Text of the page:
If you tend to be very direct and your genial accounts manager pops into your office and opens with,
“Good morning! How was your weekend?”
Don’t break trust with her by responding,
“Hi, good. I’m kinda busy right now.”
Chances are that she’s there for a good reason, and this statement runs the risk of shutting down the conversation and could make your team member feel devalued. To adapt to her communication style and relay the same information, you could say,
“Good morning. You’ll have to excuse me, I’m about to jump on a call. Can I catch up with you later?”
If you build strong listening skills and adapt your communication to maintain strong working relationships and provide clear direction, you will have a team of collaborators. Founders need collaborators. Unlike compliant workers who generally do the minimum, collaborators are strong partners who assume more responsibility and are more productive and generous with their soft skills and talents because they feel connected by a shared purpose.
Read more: Scooter Braun Opens Up About Burnout and Discovering Big Talent
#3 Your Mindset Matters
Founders don’t fail–they try. If you agree with this statement, you might have a growth mindset. If you believe that failing makes you a failure, you might have a fixed mindset.
It’s not hard to see how mindset would make my top three list. Mindset is a powerful factor in both your success and defeat. Mindsets are shortcuts our brains create that help us simplify our thinking in a complex world. We develop them through experience, and they shape our attitudes. Our mindsets affect our worldviews. When we believe things don’t change, we won’t believe we can enact change.
You might be reading this thinking, “A founder couldn’t possibly have a fixed mindset, otherwise, they wouldn’t have tried.” But mindsets apply to thinking across many dimensions. A person with a growth mindset about one topic can have a fixed mindset about other issues. For example, someone who is resilient and persists in the face of setbacks may also feel threatened by the success of others.
So, while they may be very forgiving of their mistakes and use their foils as fuel, if their peers work with big-name clients and they do not, they may still feel unsuccessful. Fostering a growth mindset around definitions of success might help this person see that someone else’s success doesn’t diminish their own success. Rather than feeling disheartened, they could find inspiration in the successes of their peers.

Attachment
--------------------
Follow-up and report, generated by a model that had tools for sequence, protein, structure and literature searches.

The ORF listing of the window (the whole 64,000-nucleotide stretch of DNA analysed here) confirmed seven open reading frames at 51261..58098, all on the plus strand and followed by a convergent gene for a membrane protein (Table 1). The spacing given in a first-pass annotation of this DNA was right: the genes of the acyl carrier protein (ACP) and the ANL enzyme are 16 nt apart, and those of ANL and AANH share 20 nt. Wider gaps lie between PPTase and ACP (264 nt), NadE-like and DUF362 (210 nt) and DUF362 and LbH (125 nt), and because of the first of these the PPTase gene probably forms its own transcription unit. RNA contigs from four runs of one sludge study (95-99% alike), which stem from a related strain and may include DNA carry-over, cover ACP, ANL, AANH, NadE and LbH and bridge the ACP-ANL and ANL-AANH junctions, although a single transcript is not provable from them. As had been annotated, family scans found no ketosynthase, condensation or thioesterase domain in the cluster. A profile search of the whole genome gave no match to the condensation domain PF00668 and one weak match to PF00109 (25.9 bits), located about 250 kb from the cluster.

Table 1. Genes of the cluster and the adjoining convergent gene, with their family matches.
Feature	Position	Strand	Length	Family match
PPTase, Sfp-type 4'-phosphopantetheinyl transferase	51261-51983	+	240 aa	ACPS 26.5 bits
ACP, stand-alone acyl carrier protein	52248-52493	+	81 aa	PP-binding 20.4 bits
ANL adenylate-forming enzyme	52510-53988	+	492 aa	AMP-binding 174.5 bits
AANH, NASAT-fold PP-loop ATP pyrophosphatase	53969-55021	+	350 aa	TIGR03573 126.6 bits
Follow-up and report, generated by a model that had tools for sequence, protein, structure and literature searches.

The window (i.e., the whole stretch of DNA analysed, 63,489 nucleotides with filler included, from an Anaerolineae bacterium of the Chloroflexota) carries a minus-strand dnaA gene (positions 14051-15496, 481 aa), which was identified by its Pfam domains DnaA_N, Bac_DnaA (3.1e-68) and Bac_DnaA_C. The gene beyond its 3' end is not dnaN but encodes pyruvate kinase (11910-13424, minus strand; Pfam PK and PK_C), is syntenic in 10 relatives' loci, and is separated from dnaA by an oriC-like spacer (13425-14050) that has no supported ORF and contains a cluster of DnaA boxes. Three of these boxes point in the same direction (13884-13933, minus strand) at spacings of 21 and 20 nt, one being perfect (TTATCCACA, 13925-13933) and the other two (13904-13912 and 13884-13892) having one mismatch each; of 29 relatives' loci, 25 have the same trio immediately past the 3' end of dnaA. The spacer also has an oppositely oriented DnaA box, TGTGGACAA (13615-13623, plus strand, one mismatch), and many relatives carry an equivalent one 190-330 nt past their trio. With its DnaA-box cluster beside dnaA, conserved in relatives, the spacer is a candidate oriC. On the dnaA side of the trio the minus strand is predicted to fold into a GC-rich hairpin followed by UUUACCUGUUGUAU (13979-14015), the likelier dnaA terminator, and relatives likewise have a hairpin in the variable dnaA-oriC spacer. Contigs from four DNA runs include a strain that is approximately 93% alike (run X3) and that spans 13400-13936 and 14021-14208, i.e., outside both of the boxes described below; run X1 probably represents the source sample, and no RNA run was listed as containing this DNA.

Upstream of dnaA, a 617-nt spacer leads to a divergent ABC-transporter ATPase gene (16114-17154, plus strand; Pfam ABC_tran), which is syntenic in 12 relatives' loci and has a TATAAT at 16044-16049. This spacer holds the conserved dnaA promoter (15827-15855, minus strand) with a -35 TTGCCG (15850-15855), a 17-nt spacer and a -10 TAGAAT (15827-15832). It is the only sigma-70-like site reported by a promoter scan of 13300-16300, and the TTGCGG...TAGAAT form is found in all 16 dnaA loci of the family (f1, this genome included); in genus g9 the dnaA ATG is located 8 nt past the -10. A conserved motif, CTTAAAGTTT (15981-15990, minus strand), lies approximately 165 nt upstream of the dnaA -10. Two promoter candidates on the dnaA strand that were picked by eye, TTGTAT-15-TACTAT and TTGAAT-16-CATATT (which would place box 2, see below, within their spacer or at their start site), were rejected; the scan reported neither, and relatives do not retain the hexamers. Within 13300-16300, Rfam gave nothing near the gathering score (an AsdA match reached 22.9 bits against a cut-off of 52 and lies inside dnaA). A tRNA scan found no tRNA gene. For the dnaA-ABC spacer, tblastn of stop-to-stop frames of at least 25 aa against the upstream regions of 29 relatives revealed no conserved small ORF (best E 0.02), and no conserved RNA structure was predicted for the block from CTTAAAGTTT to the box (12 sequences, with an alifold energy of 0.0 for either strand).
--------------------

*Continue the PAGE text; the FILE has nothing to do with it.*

You can change your mindset by learning to identify aspects of a growth mindset and build awareness of your reactions. For instance, some founders will feel defensive when offered feedback. This is true even of founders who understand the value of constructive criticism. If you find receiving feedback difficult, you can use this self-knowledge as a tool for change. When the next opportunity to practice accepting feedback comes along, you can make a conscious decision to be open to the viewpoint of others.
Developing a growth mindset is vital for founders because they need to believe they can succeed. They need to embrace challenges, believe in themselves, trust in others, and be able to reframe situations in a way that encourages them to continue moving forward. Having a growth mindset isn’t about being unrelentingly positive, and it isn’t about developing a thick skin. Developing a growth mindset is adopting a belief that positive outcomes are possible with effort despite setbacks.
So, how can you know what you don’t know?
The short answer is that you can’t, but you equip yourself to learn. Self-awareness will give you the perspective you need to lead yourself and others toward actualizing your vision. Strong communication skills will help you build understanding that is encouraging and actionable.
And with the right mindset, you will know that success is possible, setbacks are surmountable, and that learning is about failing forward, reflecting, and failing better the next time. I am confident that you can harness the power of these three foundational soft skills through practice. Doing so will lay the foundation for lifelong personal and professional development, and you will become an unstoppable founder.